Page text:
FAVOURABLE exchange rate movements during January have so far failed to stimulate any real change in price or demand for Australian lean grinding meat entering the United States.
The A$ has fallen about US3c on rates seen late last year, but imported beef prices have changed little since December.
Meat & Livestock Australia yesterday quoted frozen Australian 90CL beef at 559.9c/kg, up 8c on the previous week, but still 95c/kg lower than where it sat this time last year. In US$ terms, this week’s figure was US176.8c/lb, slightly lower than the week before, but 37 percent lower year-on-year.
As reported in last week’s item on monthly export results, there was a huge spike in Australian beef exports to the US in December, due to the impact of the 2015 quota issue. December monthly exports reached almost 40,000t, 27,000t higher than November. Given the shipping time involved, the spike was due entirely to the ability to log December beef exports against the new 2016 US beef quota year.
For the full 2015 calendar year, Australia exported a record 416,000t to the US, easily surpassing the previous record of 398,000t set back in 2001. In 2001, however, the Aussie dollar was worth just US55c, and export options were far fewer than what they are today.
US meat market participants remain quite wary about booking meat out front given the price collapse experienced last year, analysts suggest.
Offerings out of Australia last week remained limited, as demand in other markets remains strong and slaughter has yet to pick up after the Christmas/New Year holiday plant closures.
“A favourable exchange rate has been supportive of trade so far, but market participants also view other bearish indicators in the market and remain wary of another financial crisis in Asia that could have a very significant negative impact on beef demand,” Steiner Consulting wrote in its weekly imported beef market report issued yesterday.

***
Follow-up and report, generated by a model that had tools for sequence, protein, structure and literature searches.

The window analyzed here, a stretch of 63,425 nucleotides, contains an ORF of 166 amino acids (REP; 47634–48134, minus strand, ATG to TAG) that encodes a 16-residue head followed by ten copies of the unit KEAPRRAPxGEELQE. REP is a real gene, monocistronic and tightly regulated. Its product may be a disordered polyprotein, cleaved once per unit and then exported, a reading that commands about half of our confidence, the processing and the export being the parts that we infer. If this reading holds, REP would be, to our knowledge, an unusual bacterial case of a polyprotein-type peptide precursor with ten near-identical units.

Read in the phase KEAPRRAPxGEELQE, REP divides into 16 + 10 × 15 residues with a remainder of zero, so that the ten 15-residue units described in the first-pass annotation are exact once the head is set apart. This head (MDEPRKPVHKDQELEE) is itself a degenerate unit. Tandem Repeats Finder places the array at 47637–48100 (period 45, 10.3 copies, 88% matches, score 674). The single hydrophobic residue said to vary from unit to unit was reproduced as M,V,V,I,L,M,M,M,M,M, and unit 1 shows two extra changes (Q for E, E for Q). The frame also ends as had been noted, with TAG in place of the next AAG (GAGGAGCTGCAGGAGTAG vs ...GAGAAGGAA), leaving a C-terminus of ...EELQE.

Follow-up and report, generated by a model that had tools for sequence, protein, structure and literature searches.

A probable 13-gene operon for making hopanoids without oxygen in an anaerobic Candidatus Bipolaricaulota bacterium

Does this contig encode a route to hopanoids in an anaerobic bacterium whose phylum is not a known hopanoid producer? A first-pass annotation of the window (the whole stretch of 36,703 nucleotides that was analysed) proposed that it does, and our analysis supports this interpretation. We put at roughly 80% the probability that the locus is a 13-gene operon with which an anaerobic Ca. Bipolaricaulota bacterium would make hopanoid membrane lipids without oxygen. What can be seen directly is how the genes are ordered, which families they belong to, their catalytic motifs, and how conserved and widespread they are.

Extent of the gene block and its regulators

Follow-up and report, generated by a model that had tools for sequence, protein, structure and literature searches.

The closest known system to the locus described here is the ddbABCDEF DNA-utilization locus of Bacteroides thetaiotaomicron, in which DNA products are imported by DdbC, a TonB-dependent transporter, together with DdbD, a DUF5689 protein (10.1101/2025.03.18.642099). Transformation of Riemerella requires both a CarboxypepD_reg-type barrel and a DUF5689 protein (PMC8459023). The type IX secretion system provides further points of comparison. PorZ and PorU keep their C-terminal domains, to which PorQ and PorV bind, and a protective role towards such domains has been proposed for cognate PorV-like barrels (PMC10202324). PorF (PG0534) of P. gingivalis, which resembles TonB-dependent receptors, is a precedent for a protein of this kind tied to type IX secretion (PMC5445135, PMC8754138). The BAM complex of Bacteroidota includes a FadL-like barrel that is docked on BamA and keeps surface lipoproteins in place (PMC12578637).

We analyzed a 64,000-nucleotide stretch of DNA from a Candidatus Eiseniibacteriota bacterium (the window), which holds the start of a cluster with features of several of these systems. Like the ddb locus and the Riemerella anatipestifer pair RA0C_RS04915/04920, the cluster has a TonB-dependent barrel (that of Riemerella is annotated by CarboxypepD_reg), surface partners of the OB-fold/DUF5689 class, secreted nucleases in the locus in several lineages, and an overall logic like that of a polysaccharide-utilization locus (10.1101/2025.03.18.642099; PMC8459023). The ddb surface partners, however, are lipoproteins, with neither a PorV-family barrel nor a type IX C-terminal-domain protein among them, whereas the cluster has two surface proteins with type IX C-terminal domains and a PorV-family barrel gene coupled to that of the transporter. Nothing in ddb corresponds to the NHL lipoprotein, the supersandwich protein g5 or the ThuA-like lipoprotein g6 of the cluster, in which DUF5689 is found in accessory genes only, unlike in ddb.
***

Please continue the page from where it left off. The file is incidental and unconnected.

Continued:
Imported beef prices were mostly steady to higher this week on limited offers from Australia and still good quantities of lean and extra lean beef trading out of New Zealand.
“Market participants indicated that demand for both lean and fat grinding beef is good and this has helped clean up supplies in the spot market,” Steiner said.
“Memories of the dramatic price collapse are still quite fresh for many, and no one wants to once again be caught in the same situation”
However, there continued to be a lot of lingering uncertainty about market direction in the short to medium term. This has impacted the ability and/or willingness of importers and end-users to take forward positions.
“Memories of the dramatic price collapse are still quite fresh for many, and no one wants to once again be caught in the same situation,” Steiner said.
Adding to the uncertainty is the sharp correction in crude oil prices, which some see as a barometer for macro conditions globally. For now, US market participants appear content to try and book product for short time-periods.
“Some of the market participants we contacted wanted to see how prices develop in February, once the rush of January retail ads subside,” Steiner said.
“Prices for pork and chicken remain extremely competitive at this point and this could limit demand for ground beef in the very near term. The concern among market participants is that if domestic prices weaken once again, it will limit demand for imported beef and lead to product backing-up in warehouses, similar to last fall.”
“However, those holding a more bullish view of the market pointed out that we are in a different point in the calendar. Improving grinding beef demand in the spring and still relatively tight domestic cow numbers should help support domestic lean grinding beef prices. Still, it appears that for the next few weeks US domestic end-users will continue to stay short-bought, focusing on immediate needs and limiting their forward purchases.”